With the new structure, change orders and requests for new functionality are being denied. Database modifications and maintenance are handled haphazardly. Development times are even longer, and status updates aren’t readily available. Application platform issues are rampant, partially from code hacks put in place to handle issues stemming from lost knowledge. Human error in reporting systems increases drastically as everyone’s responsibilities increase. Projects start to lag, and scheduled maintenance, upgrades, and product releases are late or missed altogether.
Round three—the fight for survival
The previous cuts helped temporarily, but the industry is stuck in a downward spiral. Sensing that the end is near, Tralfaz creates an exit team. There may be a chance for survival, but the company must maintain a low cost center to qualify for opportunities. The quality of service has degraded, and Tralfaz is at maximum output. A couple of new client prospects exist, but the company realizes it must staff to match current demand, not a future that Tralfaz may have.
The support team and its services are eliminated altogether. The remaining QA engineer is changed to an administrative position, handling reporting and customer requests rather than developer support. The project manager is laid off, handing off responsibilities to account executives and the remaining lead developer. The development staff is cut again, leaving just enough people to meet current development demand.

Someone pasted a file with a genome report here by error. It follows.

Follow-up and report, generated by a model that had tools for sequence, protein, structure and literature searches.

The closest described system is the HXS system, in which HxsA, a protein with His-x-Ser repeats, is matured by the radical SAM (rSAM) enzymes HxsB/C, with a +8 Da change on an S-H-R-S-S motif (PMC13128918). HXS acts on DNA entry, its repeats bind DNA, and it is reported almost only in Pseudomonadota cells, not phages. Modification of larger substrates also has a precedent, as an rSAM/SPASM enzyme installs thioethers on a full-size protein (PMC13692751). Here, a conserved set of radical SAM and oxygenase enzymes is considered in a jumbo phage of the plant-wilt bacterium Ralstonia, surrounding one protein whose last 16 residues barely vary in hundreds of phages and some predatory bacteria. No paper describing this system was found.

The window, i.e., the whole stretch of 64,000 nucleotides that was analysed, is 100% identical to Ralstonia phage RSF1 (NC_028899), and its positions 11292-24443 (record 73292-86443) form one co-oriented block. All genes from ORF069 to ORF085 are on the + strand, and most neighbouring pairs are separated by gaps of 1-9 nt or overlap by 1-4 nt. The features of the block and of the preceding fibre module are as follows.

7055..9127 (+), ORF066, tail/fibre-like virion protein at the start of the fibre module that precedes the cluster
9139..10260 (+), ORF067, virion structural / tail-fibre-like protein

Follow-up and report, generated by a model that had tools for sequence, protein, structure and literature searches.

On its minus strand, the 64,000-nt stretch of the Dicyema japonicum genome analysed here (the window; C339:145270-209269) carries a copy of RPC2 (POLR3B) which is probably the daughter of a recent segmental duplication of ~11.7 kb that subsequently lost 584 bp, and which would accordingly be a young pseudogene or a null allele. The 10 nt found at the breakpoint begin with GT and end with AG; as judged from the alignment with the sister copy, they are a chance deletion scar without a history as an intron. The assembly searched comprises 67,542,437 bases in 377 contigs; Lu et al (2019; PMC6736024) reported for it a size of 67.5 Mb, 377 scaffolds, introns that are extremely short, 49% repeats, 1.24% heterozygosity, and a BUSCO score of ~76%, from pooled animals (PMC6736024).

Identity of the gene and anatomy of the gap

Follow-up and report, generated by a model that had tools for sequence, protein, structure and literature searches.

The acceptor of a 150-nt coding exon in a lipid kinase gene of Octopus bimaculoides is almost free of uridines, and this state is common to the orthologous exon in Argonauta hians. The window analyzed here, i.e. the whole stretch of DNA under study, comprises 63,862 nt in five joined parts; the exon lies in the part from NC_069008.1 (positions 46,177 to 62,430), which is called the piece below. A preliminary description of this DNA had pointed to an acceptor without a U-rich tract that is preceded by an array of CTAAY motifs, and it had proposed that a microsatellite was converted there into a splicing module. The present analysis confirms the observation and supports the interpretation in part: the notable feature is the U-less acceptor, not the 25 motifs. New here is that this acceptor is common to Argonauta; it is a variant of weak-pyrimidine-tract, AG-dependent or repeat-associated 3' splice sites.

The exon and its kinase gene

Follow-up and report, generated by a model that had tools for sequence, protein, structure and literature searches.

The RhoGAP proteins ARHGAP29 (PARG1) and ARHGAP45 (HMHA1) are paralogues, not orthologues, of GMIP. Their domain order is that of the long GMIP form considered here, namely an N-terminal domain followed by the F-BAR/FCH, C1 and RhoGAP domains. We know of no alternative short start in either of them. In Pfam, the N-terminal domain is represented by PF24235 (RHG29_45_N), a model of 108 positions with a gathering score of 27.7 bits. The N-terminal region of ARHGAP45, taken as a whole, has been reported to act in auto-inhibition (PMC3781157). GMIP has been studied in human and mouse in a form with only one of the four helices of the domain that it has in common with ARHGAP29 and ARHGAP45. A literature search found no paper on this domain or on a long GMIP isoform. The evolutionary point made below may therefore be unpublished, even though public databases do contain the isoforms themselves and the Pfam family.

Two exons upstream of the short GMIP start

Once these layoffs are completed, Tralfaz is in stasis mode. Role consolidation may have reduced Tralfaz’s expenses, but it cost the company clients and led to a decreased achievable level of service. Production is minimal. Products are being terminated, and the team can’t live up to the Service Level Agreements required by larger clients. Custom development work by programmers serves as a last-ditch effort to keep the company afloat, but new solutions are buggy and expensive. The company is reduced from an application development firm to a run-of-the-mill development shop. Ironically, the deep cuts Tralfaz made to survive have made it unable to develop the products it needs to attract and retain clients.